Public Health Englands COVID-19 Cabinet commissioned the Health Economics and Modelling Team (HEMT) to undertake work to identify the wider public health impacts of COVID-19 and carry out modelling in priority areas to quantify these impacts.  This study looks at how the wider impacts of COVID-19 have affected older people (over 65 year olds), with a focus on deconditioning and falls.

Key findings were:

  • 32% of older people were inactive (did either no activity or less than 30 minutes of moderate activity per week) between March to May 2020. This has increased from 27% in the corresponding period in 2019

  • average duration of strength and balance activity decreased from 126 to 77 minutes per week in March to May 2020 compared to the corresponding period in 2019

  • inequalities in physical activity have persisted, older people in the most deprived group (defined by Index of Multiple Deprivation) were more likely to be inactive than those in the least deprived group in both 2019 and 2020

  • older people experienced a considerable reduction in strength and balance activity between March to May 2020, with the greatest change in the 70 to 74 age group with a 45% (males) and 49% (females) decrease observed in activity

  • without mitigation, modelling predicts that: • 110,000 more older people (an increase of 3.9%) are projected to have at least one fall per year as a result of reduced strength and balance activity during the pandemic

  • the total number of falls could increase by 124,000 for males (an increase of 6.3%) and 130,000 for females (an increase of 4.4%)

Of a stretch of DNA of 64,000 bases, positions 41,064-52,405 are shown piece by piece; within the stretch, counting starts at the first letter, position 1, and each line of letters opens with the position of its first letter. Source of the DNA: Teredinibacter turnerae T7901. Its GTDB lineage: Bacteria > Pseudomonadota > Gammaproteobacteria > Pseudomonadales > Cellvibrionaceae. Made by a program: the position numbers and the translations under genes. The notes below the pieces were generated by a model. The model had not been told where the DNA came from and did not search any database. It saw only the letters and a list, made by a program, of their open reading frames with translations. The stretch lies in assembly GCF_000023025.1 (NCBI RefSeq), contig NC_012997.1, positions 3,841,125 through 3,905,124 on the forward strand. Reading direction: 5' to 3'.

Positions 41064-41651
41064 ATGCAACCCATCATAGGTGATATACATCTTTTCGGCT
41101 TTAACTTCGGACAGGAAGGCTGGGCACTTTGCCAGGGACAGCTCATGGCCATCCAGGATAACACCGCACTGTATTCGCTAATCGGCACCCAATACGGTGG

• for each year that the lower levels of strength and balance activity observed during the pandemic persist, there is projected to be an additional cost to the health and social care system as a result of the change in predicted related falls of £211 million (incurred over a 2 and half year period)

Key recommendations for the whole population are:

  • promotion and increased availability of strength and balance activity for older adults, involving a gradual increase in activity in order to reduce falls risk and to enable safe and confident participation on other forms of exercise and physical activity

  • ensuring that physical activity recovery measures reach those who stand to benefit most from them, including older adults who shielded, with multimorbidity, with dementia, in social care settings and from more deprived backgrounds

  • identifying locally which older adults have reduced their levels of physical activity during the COVID-19 pandemic, with a focus on populations where the largest reductions are likely to be found. The largest reductions in strength and balance activity identified in this report were seen in males aged 65 to 74 and females aged 65 to 84

Key recommendations for the targeted population are:

  • referral of older adults with functional loss, transition towards frailty or fear of falls resulting from deconditioning to appropriate rehabilitations services

  • raising awareness amongst health and social care staff of post-COVID-19 syndrome, communicating the risks of building up levels of activity levels too rapidly and the need to refer to post-COVID-19 syndrome clinics where symptoms are severe, in order that clinical judgement can be used about whether graded exercise therapy should be recommended